Whether a male chef or female cook, this person was the undisputed leader within the kitchen. If a male, he fell under the authority of the butler. Male or female, however, the housekeeper would be in closest contact due to her relationship with the mistress of the house, the latter designating menu choices. At the same time, the butler, as the staff member responsible for awareness of guests who may be dining with the family, their personal dietary needs or food preference, social statuses dictating culinary elegance, and the vital wine and spirit accompaniments, would play a critical role in meal planning. Suffice to say, managing even the simplest menu on an average day was a complicated endeavor from start to finish. Cook or fancy French chef, getting along and working together was more important than fighting over who was the biggest boss!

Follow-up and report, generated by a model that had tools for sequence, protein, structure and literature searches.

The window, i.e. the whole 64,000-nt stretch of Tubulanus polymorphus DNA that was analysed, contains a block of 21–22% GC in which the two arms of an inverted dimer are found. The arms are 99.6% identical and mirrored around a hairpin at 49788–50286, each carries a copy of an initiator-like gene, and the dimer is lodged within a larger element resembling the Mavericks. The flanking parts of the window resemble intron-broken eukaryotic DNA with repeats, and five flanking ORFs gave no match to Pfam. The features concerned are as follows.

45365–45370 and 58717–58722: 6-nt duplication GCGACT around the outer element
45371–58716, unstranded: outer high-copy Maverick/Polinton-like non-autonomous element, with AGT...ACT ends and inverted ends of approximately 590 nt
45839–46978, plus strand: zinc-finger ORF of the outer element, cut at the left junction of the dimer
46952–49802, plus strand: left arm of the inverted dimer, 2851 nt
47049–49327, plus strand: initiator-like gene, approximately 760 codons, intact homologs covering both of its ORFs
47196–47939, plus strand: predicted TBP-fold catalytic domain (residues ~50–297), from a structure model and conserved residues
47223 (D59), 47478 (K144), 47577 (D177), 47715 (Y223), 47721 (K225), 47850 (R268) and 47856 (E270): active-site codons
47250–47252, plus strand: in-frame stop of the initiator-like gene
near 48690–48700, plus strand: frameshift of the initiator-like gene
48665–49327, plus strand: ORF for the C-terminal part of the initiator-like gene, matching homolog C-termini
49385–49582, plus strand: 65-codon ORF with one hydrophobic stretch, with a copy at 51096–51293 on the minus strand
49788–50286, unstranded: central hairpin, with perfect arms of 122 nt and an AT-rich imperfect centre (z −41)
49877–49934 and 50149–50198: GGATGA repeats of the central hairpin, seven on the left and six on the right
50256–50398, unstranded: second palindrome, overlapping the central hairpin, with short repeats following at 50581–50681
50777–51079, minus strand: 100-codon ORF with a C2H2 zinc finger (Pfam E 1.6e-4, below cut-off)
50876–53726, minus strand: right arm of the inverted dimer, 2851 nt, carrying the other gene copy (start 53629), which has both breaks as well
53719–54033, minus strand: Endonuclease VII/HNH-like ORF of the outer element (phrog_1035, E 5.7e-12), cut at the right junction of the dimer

That said, when it came to the kitchen itself and getting the job done, the cook was ultimately responsible. Rarely would either the housekeeper or butler interfere directly. A trained male chef from France was esteemed highly, paid an exorbitant salary, and considered most prestigious to employ. A male cook, even if not French, was the next preferred choice, especially if envy amongst one’s peers was the goal! A female cook who had trained under a male cook cost less but came with the advantage of prestige and elevated culinary skills. In an era of formalized dining with the meal often the pinnacle of every social gathering, perfection in taste, beauty to the eye, proper temperature, and excellent timing for each course was critical.